Elijah Wood as Norval
Stephen McHattie as Gordon
Garfield Wilson as Ronald Plum
Michael Smiley as Jethro
Martin Donovan as David
Madeleine Sami as Gladys
Ona Grauer as Precious
Directed by Ant Timpson
Come to Daddy review:
Films based around family reunions very rarely get the horror twist, choosing to stick closer to dysfunctional comedy or moving drama rather than thrills or chills, but Ant Timpson and Toby Harvard had other ideas and brought Elijah Wood along for the ride in the hilarious and nail-biting thriller Come to Daddy, and it pays off in spades.
Wood stars as Norval Greenwood, a Los Angeles musician who gets a letter from his long-estranged father asking to come see him at his remote lakeside cabin for a long-awaited family reunion. But as he tries to connect with his father, he begins to notice he may be hiding dark secrets and things turn to the macabre as Norval learns the truth behind why his father left and the twisted events that are soon to come.
From the get-go, it’s clear that things are going to be tense and darkly comedic, and Timpson and Harvard find that balance in near-perfect nature, delivering some of the most bizarre and gut-busting laughs in the horror-comedy genre while also keeping things tense and pulses racing. From a heated conversation over whether they know Elton John to explorations of what it’s like to grow up without a father and what it’s like to try and get closure on the years lost, the script feels fresh and intelligent all the way through, never feeling like a poor imitation of other similar story efforts.
One of the best aspects of the film comes solely from Wood in the lead role, as his character is put through multiple ringers and the actor must find a way to deftly leap from one emotion to the next all in a matter of minutes. Wood proves to be committed to the role, knowing how to have audiences both sympathize for his character while still keeping them on the fence as to whether we should truly root for him, giving off an air of douchebaggery alongside a clearly kind soul.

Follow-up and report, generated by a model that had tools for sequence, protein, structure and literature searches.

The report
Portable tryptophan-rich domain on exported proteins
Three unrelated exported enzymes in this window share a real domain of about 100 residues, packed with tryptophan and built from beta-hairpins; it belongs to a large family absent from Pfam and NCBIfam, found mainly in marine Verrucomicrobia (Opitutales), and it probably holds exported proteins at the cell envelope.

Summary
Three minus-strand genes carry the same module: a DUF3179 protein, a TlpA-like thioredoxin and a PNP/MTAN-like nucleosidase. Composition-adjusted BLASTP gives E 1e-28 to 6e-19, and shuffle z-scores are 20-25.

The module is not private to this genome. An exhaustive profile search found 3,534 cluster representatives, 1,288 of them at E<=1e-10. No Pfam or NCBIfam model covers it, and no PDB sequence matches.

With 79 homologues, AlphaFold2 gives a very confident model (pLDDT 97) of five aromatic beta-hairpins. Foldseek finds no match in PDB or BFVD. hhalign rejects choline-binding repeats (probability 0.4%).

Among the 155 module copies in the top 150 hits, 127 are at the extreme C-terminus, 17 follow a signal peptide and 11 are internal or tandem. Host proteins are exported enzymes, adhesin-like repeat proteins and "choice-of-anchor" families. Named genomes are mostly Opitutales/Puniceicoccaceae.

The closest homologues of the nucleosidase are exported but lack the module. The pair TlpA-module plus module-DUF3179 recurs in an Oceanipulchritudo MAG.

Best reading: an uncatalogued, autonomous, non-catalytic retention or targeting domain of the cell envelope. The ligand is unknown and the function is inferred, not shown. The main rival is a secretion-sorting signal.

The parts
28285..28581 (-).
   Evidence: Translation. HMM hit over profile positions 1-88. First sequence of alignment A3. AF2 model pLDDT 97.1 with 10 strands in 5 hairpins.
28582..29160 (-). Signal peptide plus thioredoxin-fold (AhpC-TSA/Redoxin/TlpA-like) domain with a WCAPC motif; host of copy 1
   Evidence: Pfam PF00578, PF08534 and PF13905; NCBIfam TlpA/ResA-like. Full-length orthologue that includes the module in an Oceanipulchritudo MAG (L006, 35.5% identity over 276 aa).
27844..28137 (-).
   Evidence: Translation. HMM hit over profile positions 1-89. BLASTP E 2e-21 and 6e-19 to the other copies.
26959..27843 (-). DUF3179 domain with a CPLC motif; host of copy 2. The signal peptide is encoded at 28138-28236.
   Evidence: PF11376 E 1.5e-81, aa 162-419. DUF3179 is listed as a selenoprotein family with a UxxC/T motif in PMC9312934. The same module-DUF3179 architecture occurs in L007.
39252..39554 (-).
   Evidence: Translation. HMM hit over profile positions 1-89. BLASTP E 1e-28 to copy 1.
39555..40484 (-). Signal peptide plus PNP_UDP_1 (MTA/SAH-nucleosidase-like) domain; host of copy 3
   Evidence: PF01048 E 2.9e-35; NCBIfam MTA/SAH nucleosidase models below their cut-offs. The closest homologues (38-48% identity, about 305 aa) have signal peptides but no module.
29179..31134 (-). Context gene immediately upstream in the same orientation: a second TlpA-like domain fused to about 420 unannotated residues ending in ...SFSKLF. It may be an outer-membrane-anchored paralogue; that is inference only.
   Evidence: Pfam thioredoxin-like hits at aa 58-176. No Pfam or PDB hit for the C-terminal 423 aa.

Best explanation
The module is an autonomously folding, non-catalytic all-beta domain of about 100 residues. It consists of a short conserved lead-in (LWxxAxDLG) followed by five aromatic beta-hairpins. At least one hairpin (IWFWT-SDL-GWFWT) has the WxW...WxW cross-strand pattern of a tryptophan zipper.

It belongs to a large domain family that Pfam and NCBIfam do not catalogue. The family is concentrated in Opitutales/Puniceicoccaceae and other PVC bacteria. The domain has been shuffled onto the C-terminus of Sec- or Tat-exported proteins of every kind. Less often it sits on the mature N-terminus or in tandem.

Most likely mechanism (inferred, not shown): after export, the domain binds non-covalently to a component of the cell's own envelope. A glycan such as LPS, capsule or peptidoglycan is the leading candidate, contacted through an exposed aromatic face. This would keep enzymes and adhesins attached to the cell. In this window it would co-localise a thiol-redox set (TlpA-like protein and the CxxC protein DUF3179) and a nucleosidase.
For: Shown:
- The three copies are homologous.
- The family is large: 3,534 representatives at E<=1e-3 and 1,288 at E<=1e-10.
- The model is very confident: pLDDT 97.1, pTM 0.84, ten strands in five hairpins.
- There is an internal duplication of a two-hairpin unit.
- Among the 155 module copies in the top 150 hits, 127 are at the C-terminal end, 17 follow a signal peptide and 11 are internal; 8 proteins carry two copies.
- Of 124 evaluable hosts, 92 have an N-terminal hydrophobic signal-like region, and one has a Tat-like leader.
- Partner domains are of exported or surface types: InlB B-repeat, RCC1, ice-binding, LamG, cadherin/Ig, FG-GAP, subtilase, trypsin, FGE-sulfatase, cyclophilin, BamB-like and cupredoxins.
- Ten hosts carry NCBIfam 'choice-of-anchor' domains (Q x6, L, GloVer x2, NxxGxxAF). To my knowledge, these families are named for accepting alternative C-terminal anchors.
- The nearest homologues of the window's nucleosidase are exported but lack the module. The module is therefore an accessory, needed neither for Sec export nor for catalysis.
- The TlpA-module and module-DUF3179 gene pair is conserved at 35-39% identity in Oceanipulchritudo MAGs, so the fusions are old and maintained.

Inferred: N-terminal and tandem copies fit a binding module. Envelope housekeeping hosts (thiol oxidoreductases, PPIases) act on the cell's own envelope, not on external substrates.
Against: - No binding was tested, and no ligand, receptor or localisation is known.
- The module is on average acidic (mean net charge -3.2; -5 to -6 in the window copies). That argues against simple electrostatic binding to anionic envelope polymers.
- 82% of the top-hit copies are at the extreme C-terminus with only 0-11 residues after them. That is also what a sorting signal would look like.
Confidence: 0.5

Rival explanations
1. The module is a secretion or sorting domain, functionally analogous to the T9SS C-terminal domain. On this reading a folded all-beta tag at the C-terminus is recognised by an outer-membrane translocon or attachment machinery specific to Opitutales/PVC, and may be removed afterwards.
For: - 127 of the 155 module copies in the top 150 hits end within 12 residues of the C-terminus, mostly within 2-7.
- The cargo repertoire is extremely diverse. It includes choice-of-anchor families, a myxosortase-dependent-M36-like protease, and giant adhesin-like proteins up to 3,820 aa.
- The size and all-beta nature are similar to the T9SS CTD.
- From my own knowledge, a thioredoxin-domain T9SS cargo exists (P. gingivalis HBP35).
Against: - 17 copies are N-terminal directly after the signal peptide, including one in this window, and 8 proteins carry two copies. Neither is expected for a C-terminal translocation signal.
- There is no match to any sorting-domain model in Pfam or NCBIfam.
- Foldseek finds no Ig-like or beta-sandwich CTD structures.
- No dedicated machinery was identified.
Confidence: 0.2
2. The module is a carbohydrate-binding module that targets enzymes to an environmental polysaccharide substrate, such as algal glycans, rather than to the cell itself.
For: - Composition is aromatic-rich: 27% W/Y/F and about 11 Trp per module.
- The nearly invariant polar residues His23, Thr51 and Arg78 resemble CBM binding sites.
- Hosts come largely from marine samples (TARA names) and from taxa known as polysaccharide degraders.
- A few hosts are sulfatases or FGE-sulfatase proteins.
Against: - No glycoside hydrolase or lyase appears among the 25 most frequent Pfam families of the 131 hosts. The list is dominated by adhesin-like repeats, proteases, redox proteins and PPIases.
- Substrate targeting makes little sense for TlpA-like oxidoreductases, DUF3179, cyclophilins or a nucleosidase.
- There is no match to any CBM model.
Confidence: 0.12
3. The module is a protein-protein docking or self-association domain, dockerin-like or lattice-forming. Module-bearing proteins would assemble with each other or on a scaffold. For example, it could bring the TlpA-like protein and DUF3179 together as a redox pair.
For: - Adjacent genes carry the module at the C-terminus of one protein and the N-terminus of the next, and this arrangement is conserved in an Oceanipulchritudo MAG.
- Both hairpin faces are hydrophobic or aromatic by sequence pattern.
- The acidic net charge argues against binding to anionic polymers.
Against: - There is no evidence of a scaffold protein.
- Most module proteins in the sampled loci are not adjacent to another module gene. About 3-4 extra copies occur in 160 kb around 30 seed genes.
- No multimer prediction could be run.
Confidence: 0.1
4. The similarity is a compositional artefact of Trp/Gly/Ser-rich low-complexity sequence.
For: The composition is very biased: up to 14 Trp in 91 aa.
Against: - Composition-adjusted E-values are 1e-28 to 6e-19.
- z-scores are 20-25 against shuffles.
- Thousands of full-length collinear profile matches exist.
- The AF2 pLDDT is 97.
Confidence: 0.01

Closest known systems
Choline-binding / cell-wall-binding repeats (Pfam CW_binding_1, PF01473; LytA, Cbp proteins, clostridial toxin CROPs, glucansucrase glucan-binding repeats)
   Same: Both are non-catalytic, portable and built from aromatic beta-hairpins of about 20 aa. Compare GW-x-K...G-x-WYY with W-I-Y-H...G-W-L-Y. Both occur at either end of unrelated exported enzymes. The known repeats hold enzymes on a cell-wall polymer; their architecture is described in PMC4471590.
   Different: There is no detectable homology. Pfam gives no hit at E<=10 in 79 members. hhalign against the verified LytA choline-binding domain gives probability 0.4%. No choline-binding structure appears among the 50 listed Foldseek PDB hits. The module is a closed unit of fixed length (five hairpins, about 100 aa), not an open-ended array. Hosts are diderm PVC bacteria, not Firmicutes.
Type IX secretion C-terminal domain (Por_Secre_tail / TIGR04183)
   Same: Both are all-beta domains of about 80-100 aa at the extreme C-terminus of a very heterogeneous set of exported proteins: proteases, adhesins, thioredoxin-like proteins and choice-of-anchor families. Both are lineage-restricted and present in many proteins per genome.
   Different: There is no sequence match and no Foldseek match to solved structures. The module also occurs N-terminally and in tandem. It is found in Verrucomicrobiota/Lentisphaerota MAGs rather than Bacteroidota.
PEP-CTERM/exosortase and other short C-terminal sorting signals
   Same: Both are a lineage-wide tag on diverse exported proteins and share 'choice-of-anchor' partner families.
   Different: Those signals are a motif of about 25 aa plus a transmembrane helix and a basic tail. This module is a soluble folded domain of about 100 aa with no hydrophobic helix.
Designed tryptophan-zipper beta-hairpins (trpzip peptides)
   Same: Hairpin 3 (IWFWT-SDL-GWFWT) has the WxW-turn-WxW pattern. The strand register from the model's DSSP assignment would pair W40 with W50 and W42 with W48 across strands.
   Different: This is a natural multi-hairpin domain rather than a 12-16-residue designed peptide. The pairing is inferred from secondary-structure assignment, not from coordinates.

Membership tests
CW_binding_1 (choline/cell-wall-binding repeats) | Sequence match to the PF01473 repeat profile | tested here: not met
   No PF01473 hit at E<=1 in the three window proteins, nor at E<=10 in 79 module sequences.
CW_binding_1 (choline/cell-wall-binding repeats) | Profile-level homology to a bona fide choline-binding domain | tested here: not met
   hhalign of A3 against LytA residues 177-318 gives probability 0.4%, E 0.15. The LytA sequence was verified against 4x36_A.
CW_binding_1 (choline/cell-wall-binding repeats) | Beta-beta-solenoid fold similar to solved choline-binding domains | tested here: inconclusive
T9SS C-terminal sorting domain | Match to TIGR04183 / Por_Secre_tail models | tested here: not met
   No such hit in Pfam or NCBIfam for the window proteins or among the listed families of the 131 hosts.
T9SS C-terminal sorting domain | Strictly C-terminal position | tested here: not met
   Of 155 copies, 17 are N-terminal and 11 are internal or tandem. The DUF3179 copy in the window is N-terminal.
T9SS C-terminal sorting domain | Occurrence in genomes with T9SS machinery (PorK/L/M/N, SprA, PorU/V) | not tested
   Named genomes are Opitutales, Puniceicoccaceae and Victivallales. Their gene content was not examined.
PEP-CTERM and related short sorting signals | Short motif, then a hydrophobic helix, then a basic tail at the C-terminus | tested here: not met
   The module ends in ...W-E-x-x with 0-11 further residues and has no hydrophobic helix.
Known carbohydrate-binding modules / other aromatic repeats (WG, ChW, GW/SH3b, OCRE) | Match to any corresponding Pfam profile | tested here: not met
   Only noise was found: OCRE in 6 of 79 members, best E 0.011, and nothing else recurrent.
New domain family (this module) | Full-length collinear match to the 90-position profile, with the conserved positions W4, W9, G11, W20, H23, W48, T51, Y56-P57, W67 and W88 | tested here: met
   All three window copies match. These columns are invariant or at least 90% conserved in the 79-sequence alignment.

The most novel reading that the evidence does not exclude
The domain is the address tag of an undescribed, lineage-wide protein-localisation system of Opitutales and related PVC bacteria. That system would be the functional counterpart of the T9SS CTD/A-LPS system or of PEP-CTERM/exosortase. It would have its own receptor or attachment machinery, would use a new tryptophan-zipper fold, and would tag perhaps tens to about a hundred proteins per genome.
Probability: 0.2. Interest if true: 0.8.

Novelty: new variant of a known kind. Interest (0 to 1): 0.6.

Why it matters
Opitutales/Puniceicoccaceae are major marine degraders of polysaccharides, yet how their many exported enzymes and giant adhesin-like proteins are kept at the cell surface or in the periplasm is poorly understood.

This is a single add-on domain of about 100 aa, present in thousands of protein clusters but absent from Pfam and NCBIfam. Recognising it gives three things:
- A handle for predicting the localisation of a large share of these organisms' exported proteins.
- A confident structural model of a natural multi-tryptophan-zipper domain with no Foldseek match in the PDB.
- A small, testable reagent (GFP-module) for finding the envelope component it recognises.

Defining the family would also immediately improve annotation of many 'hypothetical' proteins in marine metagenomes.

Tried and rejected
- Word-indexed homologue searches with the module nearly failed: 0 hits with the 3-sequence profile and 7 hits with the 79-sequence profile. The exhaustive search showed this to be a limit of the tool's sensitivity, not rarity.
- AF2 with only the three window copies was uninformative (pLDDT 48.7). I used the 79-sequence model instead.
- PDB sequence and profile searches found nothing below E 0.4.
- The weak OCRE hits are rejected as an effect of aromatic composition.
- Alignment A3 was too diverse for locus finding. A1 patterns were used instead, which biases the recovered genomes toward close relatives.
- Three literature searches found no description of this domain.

McHattie also proves to be a marvel to watch, chewing up every bit of scenery he’s in as Wood tries to connect with him. He proves to be a remarkably dark character that audiences definitely don’t want to root for, but want to see more of as the film goes on, carrying a truly menacing charisma while knowing how to hit all the offbeat comedic notes. His chemistry with Wood is fascinating as they show a talent for knowing how to play to each character’s strengths and weaknesses and push the buttons of one another to get the best performance from one another.
In addition to the great balance of tone and performances, the film’s second and third acts prove to be one of the most bonkers and exciting script flips with a eye-opening twist that begs for rewatches for clues of the revelation and sees the characters put through some of the most fraught, intense and darkly hilarious scenarios audiences have seen in a while. From people being stabbed with a pen covered in a unfortunate bodily fluid to people being choked out by muscled-up female prostitutes, the story always knows when to throw a little levity into its more dark and chilling moments and it shines.
It’s certainly hard to go into further detail without spoiling the film for audiences, but for those who go in thinking they have the movie mapped out and know where it will go, you will definitely receive multiple exciting surprises across its 93 minutes.
Overall, Timpson, Harvard and Wood have created one of the funniest, thought-provoking and most disturbing efforts in every genre it fits in and it absolutely holds plenty of rewarding little details and fantastic performances to draw multiple viewings.